My homeward course led up a long ascent, Where the road’s watery surface, to the top Of that sharp rising, glittered to the moon And bore the semblance of another stream Stealing with silent lapse to join the brook That murmured in the vale. All else was still: No living thing appeared in earth or air, And, save the flowing water’s peaceful voice, Sound there was none–but lo! an uncouth shape…
370 pages with a reading time of ~5.75 hours (92637 words), and first published in 1936. This DRM-Free edition published by epubBooks, 2014.
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This moment of anticipation was the worst of her life–never before had she been so utterly alone.
Her loneliness now was emphasized by the strange dead-white glow that seemed to bathe her room. She had just switched off the electric light, and the curtains were not drawn upon the long gaunt windows. Although it was after five on that winter afternoon, the light of the snow still illuminated the scene. Beyond the windows a broad field ran slowly up to a thin bare hedge; above the hedge, the fell, thick in snow, mounted to a grey sky which lay like one shadow upon another against the lower flanks of Blencathra.
Rose had learnt the name of this mountain from the first instant of her arrival at the Keswick station. She had not known whether she would be met or not, and she had asked a porter whether he knew of Scarfe Hall. He knew of it well enough. It lay near the Sanatorium right under Saddleback. And then, because she was obviously a stranger, and he unlike many of his countrymen was loquacious, he explained to her that Saddleback was the common name for Blencathra. ‘What a pity,’ she murmured. ‘Blencathra is much finer.’ But he was not interested in that. He found the motor-car from the Hall and soon she was moving downhill from the station, turning sharply to the left by the river, and so to her destination.
She had had tea alone with Janet Fawcus in the drawing-room downstairs; such a strange, old-fashioned, overcrowded room, with photographs in silver frames and a large oil painting over the marble fireplace of Humphrey’s father. So odd, Rose thought, to have so large a painting of yourself so prominently displayed. She had seen before, of course, photographs of Humphrey’s father and had always liked the kindliness, the good-humour in his round chubby face, the beautiful purity of his white hair, his broad manly shoulders, but this oil painting, made obviously a number of years ago, gave him a kind of dignified splendour. She had always thought him like Mr. Pickwick, but now he was a Mr. Pickwick raised to a degree of authority that yet had not robbed him of his geniality.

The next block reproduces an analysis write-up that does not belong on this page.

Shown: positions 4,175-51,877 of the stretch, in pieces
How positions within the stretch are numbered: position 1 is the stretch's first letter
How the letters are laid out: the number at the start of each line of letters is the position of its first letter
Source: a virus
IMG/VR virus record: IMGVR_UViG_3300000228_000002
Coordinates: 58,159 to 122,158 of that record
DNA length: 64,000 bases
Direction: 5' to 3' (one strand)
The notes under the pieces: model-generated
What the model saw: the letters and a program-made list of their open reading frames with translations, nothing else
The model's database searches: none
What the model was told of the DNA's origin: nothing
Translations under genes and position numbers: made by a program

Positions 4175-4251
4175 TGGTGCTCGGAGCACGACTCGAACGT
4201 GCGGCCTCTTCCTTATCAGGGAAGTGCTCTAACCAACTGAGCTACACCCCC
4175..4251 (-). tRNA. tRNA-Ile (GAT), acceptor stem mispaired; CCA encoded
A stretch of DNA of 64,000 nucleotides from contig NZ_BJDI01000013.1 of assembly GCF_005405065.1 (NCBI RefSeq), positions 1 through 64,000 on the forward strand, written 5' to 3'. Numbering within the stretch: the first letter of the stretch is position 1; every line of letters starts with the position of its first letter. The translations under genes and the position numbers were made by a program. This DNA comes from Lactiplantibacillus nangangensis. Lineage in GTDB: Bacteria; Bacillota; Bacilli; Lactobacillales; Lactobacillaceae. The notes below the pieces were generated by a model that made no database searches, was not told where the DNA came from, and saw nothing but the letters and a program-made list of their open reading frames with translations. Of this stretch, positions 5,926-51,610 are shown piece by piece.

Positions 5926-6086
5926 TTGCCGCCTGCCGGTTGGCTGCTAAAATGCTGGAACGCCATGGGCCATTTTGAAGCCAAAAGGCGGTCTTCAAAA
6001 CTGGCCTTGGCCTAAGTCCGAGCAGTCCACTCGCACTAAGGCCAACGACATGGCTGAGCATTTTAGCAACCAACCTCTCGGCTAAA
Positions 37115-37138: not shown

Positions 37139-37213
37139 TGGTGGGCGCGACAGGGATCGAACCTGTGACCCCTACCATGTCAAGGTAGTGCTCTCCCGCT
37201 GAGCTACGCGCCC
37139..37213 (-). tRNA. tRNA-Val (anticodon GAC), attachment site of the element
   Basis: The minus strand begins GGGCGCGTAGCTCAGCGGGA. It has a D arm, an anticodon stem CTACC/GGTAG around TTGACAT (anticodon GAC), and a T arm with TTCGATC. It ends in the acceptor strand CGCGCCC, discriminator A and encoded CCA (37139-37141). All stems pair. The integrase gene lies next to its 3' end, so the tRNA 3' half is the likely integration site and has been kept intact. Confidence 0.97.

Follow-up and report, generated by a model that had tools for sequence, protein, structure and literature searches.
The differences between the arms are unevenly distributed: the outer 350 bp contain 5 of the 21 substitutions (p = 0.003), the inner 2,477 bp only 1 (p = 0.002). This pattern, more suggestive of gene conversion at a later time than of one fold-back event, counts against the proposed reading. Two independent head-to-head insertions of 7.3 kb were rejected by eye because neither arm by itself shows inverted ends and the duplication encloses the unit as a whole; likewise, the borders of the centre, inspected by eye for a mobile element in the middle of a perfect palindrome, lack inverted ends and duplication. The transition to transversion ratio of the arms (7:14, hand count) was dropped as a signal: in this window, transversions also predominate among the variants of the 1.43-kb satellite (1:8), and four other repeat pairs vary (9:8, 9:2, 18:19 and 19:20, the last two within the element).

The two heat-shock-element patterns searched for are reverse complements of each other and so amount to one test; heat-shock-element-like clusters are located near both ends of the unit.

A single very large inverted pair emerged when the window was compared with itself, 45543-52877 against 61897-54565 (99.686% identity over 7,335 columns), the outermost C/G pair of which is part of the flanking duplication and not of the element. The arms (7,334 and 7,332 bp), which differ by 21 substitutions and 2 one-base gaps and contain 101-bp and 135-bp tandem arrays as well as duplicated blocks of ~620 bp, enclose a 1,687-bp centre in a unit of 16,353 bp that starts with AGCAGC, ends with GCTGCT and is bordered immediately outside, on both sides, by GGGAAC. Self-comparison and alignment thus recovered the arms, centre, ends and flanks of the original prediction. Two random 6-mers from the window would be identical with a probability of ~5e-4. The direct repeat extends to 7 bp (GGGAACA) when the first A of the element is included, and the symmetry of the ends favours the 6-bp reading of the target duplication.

So she and Janet Fawcus had shared an embarrassed tea. It was no surprise to her to discover in Janet the perfect spinster–that is, a woman of middle age whose certainty that virginity is a triumph is mingled with an everlasting disappointment. Janet was dressed in the hard and serviceable tweeds of the English dweller in the country. She talked to Rose with all the kindliness of a hostess and the patronage of a successful headmistress. Rose saw at once that Janet had always hated her and that meeting her had not weakened that emotion.
However, she had expected this, counted on it, in fact, and she sat now in this old curiosity shop of a drawing-room, the heavy, dark, ancient curtains drawn against the snow, brightly and falsely amiable about Geneva and the League of Nations and the selfishness of France, and what a pity it was that despotism was beginning to rule the world. It was explained to her that young John was out with his tutor skating on some pond towards St. John’s in the Vale and that Colonel Fawcus himself was at a meeting in Keswick about pylons, and that was why Janet must do the honours alone. ‘But, of course,’ Janet said, ‘you will see John when he comes in. He is so excited about your coming.’ In that last sentence Rose knew there was something sinister; that immaculate tweed-clad virgin would not give an inch. ‘But then,’ Rose thought, ‘I have no intention of asking her. I have not come here to fight. There is no battle in the air. John’s grandfather has invited me out of kindness and generosity. There was nothing in the signed agreement which compelled him to do this. It has been simply warm-hearted kindness on his part. I am not here to fight. I am not here to get my son back. I am not here to win his affection away from anyone else. He is not mine. I surrendered him deliberately, fully knowing what I was about. I am not here for any contest of any kind with this unagreeable, tiresome, self-satisfied prig of an Englishwoman.’ But as she smiled and said that, yes, she would have another cup of tea, and how good it was after a long cold journey–she was forced to repeat to herself: ‘I am not a mother. I surrendered John not only because it would be for his good, and because he would be given so many many things I could never give him, but also because I was not meant to be a mother. There were other things that I could do better. I am not maternal. I am a modern woman of my time. I do not wish to be hampered with a child. I have things I want to do for my generation and civilization and, although it is true that I am now thirty years of age and have done as yet very little for anybody, there is still plenty of time.